Last year, I was giving a presentation at the start of a panel on teacher communities, talking about the Greenroom. I came to a section of the slides about knowing your users. “Teachers:” my slide read, with a blank space after the colon. I paused, and said to the audience: “I have one word about to appear on the slide, describing teachers. Can anyone guess what it is?” From the back came the loud yell: “BUSY!”. I advanced the slides to show my answer. “Busy,” I confirmed.
Fast forward a year, and I was on a similar panel about teacher communities. The topic arose of encouraging teachers to share materials. I talked about some of the difficulties on the Greenroom and CAS Online in getting teachers to share materials. We had implemented a wiki model and encouraged the idea that resources didn’t have to be polished — but even though teachers had resources, it still seemed difficult to get them to share. “This may be an unfair characterisation,” I said, hedging, “but on the whole it seems like teachers are quite meek [in this regard]. They are hesitant to share their own resources, and once other people upload resources, seem hesitant to edit another person’s resources for fear of treading on someone’s toes. Maybe this is partly the side effect of having a community with real names and real identities.”
Shortly afterwards, a teacher in the audience responded: “I don’t think it’s that teachers are meek — that’s not why they don’t share the resources. It’s partly that it’s what we do: putting out resources is revealing what we do to everyone. But it’s also that we know how much better the resources could be, if we could just spare an extra few hours to polish them to the best of our capability. It’s just that we don’t have the time for that.”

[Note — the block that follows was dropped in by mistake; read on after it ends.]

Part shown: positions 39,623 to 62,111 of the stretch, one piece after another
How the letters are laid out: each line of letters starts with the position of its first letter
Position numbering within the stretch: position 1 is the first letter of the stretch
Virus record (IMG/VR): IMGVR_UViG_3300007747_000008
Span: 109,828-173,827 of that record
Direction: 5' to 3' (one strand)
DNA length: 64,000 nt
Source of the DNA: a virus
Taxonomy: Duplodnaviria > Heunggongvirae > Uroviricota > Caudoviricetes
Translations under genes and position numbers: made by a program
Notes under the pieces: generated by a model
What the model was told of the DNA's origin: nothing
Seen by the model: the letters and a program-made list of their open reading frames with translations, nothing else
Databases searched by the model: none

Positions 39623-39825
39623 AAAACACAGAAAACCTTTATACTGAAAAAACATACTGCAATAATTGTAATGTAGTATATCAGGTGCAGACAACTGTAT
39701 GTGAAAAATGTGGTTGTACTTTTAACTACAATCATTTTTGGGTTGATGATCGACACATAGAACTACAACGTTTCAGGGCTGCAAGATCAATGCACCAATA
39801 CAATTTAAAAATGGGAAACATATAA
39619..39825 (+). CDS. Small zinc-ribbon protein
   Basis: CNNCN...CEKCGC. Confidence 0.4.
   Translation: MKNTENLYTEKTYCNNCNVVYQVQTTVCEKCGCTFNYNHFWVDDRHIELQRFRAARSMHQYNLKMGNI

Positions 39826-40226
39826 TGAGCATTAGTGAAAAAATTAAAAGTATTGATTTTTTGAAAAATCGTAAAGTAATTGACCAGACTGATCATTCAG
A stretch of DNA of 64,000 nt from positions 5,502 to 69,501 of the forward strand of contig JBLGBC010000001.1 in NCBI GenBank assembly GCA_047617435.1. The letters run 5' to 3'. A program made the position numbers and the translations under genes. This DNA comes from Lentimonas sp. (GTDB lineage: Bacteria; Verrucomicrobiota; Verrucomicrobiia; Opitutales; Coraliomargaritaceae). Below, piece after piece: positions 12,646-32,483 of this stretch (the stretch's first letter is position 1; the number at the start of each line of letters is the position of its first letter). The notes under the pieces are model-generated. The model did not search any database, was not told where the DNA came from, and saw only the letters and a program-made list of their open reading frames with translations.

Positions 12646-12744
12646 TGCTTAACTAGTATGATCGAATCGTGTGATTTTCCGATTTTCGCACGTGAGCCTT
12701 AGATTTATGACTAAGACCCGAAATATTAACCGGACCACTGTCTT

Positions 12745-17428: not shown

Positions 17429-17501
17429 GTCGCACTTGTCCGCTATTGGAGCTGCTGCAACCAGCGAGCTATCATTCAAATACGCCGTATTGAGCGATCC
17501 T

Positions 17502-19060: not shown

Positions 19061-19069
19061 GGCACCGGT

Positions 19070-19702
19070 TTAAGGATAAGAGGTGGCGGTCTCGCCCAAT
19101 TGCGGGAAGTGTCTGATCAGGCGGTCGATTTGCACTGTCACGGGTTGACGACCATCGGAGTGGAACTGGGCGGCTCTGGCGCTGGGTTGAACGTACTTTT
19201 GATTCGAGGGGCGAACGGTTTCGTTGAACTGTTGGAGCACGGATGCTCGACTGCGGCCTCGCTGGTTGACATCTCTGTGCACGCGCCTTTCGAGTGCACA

We all know the tale: teachers are busy. They’re not the only ones in the world, or in education, of course: academics are generally busy, too. But one key difference is that teachers are busy on a fairly fixed timetable, whereas academics are busy on a more flexible timetable. Let me explain: the academics there probably had a queue of work consisting of writing grant proposals, writing/reviewing papers, handling a few hundred emails and handling their doctoral students. That’s not to mention the teaching load, which may include marking or lecture preparation. They may have had to rearrange or cancel giving a lecture or two to be there, but that’s a normal part of university activity, and the universities that employed them were almost certainly happy for them to serve on the panel.
Contrast that with the one active teacher that we did have on this year’s panel, who spoke about the difficulties she had in getting to the panel, which she had managed to squeeze down to a one-day trip, flying across the country one evening and back the next. I’ve heard it before from teachers: unsupportive heads, the use of annual leave to attend such events — and thankfully in this case the host organisation was paying for her travel. Attending this sort of event, that wasn’t directly billed as training (even though it was surely useful to attend) just isn’t seen as valuable by schools, and definitely not when weighed up against the horror of a teacher missing a day of school.
The lack of teachers on education-related panels and at education conferences has been spoken about before, by Laura Dixon here, and similar sentiments by Mike Zamansky here. It seems wrong that teachers, and those who employ them, are unable or unwilling to value and support these activities as a part of teaching. I know there are logistical challenges involved, but that’s because the school system seems to have been built (or whittled down to be) without any proper time/resources for teachers to take part in training, conferences, panels, or similar. Until then, it looks like education conferences will continue to end up with non-teachers talking to non-teachers about how teaching should work.